The Atlantic Cities has a great article on roadside rest areas. When travelling while I was younger, whether with family or Boy Scouts, we would often stop at these rest areas for, most commonly bathroom breaks, but also to have lunch or dinner while travelling. And, as the article points out, many of these rest areas truly are in beautiful locations. One rest stop in particular stands out. I believe it was at the Missouri River off an interstate – the exact location I don’t remember, but the view I do.
There were historical markers talking about Lewis and Clarke, and a decent cold sandwich lunch, but the view of the river valley was quite impressive, especially for a northern Indiana boy who thought a hill was a 30 foot change in elevation. Though I had seen mountains before, it was a rare occasion, and the view was fantastic and unique.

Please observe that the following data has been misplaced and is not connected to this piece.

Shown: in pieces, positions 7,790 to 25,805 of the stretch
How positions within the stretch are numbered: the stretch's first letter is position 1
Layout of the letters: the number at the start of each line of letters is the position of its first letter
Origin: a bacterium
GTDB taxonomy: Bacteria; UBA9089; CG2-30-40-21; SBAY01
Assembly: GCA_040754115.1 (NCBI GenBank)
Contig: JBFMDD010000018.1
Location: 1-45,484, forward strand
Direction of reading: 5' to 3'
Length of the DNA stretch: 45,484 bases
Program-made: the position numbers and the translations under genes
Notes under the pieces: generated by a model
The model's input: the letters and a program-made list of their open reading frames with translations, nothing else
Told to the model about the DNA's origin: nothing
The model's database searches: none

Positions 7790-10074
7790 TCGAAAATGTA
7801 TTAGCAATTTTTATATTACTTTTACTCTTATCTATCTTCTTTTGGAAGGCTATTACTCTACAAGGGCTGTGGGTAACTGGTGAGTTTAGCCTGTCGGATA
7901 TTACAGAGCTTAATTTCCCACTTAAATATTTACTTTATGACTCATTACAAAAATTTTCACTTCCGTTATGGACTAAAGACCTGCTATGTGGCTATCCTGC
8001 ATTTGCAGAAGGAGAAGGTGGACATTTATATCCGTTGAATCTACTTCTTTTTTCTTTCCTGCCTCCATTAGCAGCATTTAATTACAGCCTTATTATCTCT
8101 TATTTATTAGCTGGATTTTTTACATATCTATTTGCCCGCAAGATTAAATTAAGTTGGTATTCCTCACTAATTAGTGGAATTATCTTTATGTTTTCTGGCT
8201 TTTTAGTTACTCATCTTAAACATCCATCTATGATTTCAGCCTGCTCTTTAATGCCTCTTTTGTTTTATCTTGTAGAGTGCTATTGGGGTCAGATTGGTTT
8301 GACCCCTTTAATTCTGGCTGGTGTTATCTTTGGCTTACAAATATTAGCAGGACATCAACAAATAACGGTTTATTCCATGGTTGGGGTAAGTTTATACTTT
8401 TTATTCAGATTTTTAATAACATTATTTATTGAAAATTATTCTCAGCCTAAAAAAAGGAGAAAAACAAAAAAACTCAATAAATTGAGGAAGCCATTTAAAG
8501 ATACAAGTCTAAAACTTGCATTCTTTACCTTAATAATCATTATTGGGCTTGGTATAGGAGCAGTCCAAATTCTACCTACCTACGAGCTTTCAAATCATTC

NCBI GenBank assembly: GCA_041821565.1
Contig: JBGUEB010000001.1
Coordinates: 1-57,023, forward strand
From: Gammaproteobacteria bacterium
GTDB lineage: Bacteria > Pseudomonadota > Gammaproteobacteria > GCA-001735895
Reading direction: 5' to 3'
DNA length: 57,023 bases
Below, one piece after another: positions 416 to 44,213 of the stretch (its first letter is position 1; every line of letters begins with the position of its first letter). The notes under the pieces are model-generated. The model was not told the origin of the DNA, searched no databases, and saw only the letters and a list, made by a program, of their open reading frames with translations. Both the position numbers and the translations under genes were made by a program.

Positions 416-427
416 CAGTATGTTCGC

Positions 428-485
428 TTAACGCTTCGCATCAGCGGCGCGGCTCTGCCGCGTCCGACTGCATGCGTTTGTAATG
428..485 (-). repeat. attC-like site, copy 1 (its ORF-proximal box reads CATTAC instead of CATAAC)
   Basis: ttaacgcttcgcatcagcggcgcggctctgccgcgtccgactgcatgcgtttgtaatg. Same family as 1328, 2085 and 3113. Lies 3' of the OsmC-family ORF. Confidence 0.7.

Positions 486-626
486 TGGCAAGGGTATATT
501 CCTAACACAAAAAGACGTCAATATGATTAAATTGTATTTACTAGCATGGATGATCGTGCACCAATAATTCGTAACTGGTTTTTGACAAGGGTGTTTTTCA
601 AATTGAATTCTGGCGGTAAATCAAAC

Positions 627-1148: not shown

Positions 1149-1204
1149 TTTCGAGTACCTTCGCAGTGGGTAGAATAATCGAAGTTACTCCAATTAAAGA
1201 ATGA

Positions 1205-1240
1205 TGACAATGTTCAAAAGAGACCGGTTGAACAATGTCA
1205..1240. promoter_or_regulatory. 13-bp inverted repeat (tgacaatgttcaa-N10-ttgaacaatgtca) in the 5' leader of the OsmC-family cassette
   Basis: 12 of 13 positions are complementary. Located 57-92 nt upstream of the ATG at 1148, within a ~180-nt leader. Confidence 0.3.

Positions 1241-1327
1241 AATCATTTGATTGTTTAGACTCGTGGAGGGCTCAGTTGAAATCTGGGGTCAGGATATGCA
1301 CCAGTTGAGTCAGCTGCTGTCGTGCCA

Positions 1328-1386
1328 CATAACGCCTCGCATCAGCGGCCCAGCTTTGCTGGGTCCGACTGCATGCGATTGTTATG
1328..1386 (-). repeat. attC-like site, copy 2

The point of sharing this article is to remind you, and myself, that road trips need not be a rush to the campsite or the park, with McDonald’s or Iron Skillets to keep oneself fueled, which I myself have been frequently guilty of. Having visited many rest stops over the years, I don’t think any two are the same, and while some really are nothing more than a bathroom with vending machines, most have some combination of natural beauty, historical significance, or unique feature that led them to be placed at mile marker 146 instead of 157. Enjoy these unique American features with a picnic, reading about the local area in the travelers’ center, or pause and take in the view as your fellow travelers hurry by.
Do you have a favorite rest stop? Or do you try to frequent rest stops or stick with the travel plazas?